- Tell the sonographer if you want to find out your baby's sex at the 20-week scan - be prepared, sometimes it's not possible to see
- About 30% of pregnant women snore because of increased swelling in their nasal passages
- If you crave fatty snacks try increasing your calcium intake
- Almost three-quarters of mums produce more milk with their right breast (and it has nothing to do with being right-handed)
- Placenta is Latin for "cake"
What to think about in week 18 of pregnancy
How tempting are all the little baby clothes in the shops and catalogues? Very! If you are starting to build up a collection already, think about planning ahead too, and not just buying newborn items, particularly if you spot bargains in the sales (but think of what season you will be in when your baby reaches that size! Sleeveless rompers in November? Brrr!)
Bear in mind too, that you will no doubt end up with a ton of tiny baby clothes as gifts once your little one arrives. So our top tip? Stock up on the next sizes up so your bubba will be well stocked with gorgeous garments for a good few months after their arrival.
You may have already thought baby names at this stage, or it may be starting to send your head in a spin. Even though you won’t know yet whether you should be edging towards pink or blue, you might like to get some top names in your mind for both eventualities.
Perhaps you're looking for something a little less traditional and a little more cool, yet you may not feel you want to go too ‘out there’ with a name that may not create too much of a fuss.
When you’re heading towards the halfway point in your pregnancy you may find yourself suffering with niggles and aches that you accept as a pregnancy symptom, but if you don’t feel great and it lingers, always have a chat with your midwife as a starting point for some reassurance.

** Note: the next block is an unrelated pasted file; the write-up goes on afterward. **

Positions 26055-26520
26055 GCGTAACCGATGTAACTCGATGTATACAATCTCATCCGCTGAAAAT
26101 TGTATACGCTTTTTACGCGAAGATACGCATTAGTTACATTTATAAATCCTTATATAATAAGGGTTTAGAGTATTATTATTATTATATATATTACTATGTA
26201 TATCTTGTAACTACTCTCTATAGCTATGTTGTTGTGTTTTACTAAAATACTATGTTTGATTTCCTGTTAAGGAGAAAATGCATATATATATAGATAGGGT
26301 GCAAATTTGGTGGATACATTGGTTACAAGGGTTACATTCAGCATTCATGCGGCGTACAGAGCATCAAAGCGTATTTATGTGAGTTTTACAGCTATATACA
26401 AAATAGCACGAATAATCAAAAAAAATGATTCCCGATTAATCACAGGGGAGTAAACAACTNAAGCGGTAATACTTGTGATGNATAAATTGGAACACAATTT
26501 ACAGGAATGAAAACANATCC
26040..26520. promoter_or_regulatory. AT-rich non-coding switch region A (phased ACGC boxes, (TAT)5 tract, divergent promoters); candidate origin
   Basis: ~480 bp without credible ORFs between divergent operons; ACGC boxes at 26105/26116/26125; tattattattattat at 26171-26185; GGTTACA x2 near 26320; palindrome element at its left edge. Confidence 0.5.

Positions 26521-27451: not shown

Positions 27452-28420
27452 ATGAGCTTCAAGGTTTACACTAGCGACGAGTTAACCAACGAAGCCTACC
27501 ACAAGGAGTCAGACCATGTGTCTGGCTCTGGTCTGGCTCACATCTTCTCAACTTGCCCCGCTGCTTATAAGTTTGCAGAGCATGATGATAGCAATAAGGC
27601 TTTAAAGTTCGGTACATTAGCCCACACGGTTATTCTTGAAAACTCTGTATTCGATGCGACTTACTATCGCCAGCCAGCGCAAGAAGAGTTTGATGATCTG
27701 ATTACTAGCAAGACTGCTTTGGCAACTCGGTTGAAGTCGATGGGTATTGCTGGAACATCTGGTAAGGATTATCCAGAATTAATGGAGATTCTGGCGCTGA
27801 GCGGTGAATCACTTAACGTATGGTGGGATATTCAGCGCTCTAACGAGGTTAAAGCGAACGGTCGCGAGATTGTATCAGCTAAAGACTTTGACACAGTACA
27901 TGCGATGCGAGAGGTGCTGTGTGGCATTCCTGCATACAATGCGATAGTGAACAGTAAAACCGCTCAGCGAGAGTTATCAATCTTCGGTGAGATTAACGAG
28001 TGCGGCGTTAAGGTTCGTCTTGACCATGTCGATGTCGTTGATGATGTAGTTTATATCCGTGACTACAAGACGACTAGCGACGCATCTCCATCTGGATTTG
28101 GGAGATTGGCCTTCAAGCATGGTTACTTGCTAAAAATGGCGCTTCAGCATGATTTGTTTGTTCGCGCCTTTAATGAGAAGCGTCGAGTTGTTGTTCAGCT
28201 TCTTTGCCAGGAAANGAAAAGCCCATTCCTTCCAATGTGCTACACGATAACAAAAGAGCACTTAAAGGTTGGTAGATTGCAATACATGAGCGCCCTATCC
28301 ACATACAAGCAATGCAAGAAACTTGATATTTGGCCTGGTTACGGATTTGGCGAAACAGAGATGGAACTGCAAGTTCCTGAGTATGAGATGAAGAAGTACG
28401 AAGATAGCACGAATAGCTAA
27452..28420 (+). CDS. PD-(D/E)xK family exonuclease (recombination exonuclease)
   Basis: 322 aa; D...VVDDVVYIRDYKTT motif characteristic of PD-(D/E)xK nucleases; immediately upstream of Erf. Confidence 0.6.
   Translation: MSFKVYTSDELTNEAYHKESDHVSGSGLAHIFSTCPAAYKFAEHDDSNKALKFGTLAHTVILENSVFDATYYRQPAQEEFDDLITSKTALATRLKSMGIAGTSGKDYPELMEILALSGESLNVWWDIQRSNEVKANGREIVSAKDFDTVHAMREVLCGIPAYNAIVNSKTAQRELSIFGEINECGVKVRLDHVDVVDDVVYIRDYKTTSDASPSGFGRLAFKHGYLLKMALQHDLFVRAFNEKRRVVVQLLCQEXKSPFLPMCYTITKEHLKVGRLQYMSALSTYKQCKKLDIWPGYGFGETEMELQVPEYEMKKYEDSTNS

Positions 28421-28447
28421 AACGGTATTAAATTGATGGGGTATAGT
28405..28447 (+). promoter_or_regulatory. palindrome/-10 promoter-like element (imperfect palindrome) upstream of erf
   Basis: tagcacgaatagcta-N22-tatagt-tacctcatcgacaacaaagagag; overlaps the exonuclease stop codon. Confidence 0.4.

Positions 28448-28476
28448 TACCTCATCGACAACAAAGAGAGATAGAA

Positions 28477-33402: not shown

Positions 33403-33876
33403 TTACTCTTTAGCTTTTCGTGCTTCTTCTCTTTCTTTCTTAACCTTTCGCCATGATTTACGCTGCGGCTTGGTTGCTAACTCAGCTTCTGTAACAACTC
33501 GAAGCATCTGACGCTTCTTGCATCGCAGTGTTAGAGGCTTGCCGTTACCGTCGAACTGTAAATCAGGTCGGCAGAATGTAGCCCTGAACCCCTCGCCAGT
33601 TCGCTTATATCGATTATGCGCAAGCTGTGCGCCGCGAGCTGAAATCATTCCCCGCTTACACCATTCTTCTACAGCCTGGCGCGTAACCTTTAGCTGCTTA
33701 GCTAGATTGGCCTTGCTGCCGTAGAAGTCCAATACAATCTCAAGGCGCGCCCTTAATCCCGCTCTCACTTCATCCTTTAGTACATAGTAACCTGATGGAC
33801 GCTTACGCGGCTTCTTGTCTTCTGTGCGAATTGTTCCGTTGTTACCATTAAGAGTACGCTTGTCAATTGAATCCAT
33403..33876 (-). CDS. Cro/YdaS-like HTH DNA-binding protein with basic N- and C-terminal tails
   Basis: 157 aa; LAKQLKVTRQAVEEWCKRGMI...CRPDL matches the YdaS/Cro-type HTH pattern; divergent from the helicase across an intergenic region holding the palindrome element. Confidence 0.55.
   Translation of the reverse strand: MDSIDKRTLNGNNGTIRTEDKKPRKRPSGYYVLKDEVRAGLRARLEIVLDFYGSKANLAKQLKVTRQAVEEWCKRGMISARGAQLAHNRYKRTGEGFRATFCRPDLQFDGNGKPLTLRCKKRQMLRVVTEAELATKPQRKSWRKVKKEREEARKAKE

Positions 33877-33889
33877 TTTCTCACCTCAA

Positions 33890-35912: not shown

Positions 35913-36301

Don’t forget that your body is busy working a total miracle during pregnancy – quietly going about its daily business while also growing and protecting a brand new baby. So it’s no wonder you’ll feel and notice plenty of changes from here on in. Most pregnancies go smoothly and niggles and symptoms pass without too much notice, but of course some symptoms can be a sign of something more serious.
Take a look at our list of symptoms
that could mean your body is telling you to get checked out.
Found this helpful? Read more on..
Signs and symptoms at 18 weeks pregnant
Although every pregnancy is different, from around now, you will start to feel your baby move. Timings can be different for every mum-to-be so if you haven’t felt anything yet, don’t panic. In the early days your baby’s kicks don’t feel like kicks as such, many describe them as feeling like bubbles initially and they get stronger as time goes on, forming into kicks, punches, swooshes, flips and turns in time. Your unborn baby moving is an important sign that all is well. There are no set numbers of movements a woman should feel, but it is important that you know what feels normal for your baby. Find out more about Tommy’s #movementsmatter information on the importance of baby movement in pregnancy and find out how you can get to know your own baby’s pattern of movements.
Swollen feet and ankles
In simple terms, it is swelling in your body, usually your ankles and feet. Oedema is caused because your body is holding on to more fluid than usual common in lower legs, ankles, feet it can also occur in your face, hands and arms. If you are suffering with swelling, you can visit your GP who may well advise cutting down on dietary salt; resting with your legs higher than your hips and increasing your exercise to boost circulation. If you are suffering badly, there is the option to wear special maternity support tights that can also help to reduce swelling.
Watch our videos below on:
Video 1: What can my baby understand and feel in the womb? (NHS content)
Video 2: Pregnancy exercise with Nuffield Health
Baby Name Search